The binary approach:
Until it reverses, the trend is always up. This sounds a bit like Newton’s law of motion, which states that every object in a state of uniform motion will remain in that state of motion unless an external force acts on it. The advantage of taking a binary approach in stock price analyses is that it saves us the burden of prediction, having assumed already that the trend is always up. That leaves us with only one task: to identify when the uptrend stops. And that is where the moving average steps in.
Getting MAs to work.
Depending on the period used, MAs may be seen as either short term or long term averages. When you start to compare them that is when MAs begin to show their real worth. Several commonly used price indicators are either entirely built on, or based on Cross Overs. In the case of MACD (Moving Average Convergence Divergence), two lines are created using several moving averages, with the idea of using the cross overs of these lines in identifying trends. MACD line is the difference between the 12 day EMA and 26 day exponential moving average (EMA), while the signal line is the 9 day EMA of the MACD line. Bollinger band concept studies how price and volatility interact with each other, by having two price bands that follow two standard deviations away from a middle band which is a 20 day simple moving average (SMA). Moving averages not only help with the direction, but also indicates potential support and resistance levels, where price moves are likely to slow down. And when used in conjunction with other analyses, moving average becomes a very powerful weapon in the investor’s arsenal.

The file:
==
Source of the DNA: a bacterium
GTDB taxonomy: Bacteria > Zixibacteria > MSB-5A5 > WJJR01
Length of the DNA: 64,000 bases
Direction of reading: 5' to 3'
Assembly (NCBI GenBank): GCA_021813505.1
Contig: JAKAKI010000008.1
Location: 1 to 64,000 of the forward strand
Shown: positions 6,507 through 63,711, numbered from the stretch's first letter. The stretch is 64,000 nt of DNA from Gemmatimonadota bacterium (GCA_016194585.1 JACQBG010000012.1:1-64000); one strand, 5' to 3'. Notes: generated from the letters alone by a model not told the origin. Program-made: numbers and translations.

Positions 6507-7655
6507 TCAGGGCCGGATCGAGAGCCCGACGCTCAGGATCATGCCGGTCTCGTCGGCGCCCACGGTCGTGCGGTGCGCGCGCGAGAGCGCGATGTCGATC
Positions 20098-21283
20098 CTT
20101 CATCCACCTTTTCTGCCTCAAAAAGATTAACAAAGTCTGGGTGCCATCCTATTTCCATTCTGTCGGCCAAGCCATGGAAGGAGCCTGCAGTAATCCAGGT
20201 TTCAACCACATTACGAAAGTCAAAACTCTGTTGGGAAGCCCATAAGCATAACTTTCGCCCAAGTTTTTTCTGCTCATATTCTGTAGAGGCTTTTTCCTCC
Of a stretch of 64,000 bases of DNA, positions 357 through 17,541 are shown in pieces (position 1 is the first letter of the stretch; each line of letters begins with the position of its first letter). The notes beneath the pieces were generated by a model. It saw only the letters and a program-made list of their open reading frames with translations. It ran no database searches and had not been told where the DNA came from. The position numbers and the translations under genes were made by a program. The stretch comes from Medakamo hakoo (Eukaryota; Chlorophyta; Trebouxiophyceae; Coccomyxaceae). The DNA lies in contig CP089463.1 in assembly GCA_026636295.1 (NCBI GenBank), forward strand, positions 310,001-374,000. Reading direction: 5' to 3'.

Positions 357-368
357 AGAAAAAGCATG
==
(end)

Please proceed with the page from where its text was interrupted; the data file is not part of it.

Golden Cross: A bullish crossover hinting uptrend, which occurs when the shorter moving average crosses above the longer moving average.
Dead Cross: A bearish crossover hinting reversal in uptrend, which occurs when the shorter moving average crosses below the longer moving average.
But, make no mistake; moving averages are no torch bearers of trend, in that they do not predict price direction. It is a lagging indicator, as they are based on past prices, and it can only confirm what has already unfolded. It is the price that leads the trend, while moving average is that step behind, where you rest your hind heel for assurance; that helps you lunge ahead. Often times, it is just what we require.
 A price crossover happens, when the price crosses from above or below a moving to signal a potential change in trend.
 Exponential moving averages (EMAs) reduce the lag by applying more weight to recent prices. The weighting applied to the most recent price depends on the number of periods in the moving average. EMAs differ from simple moving averages in that a given day’s EMA calculation depends on the EMA calculations for all the days prior to that day.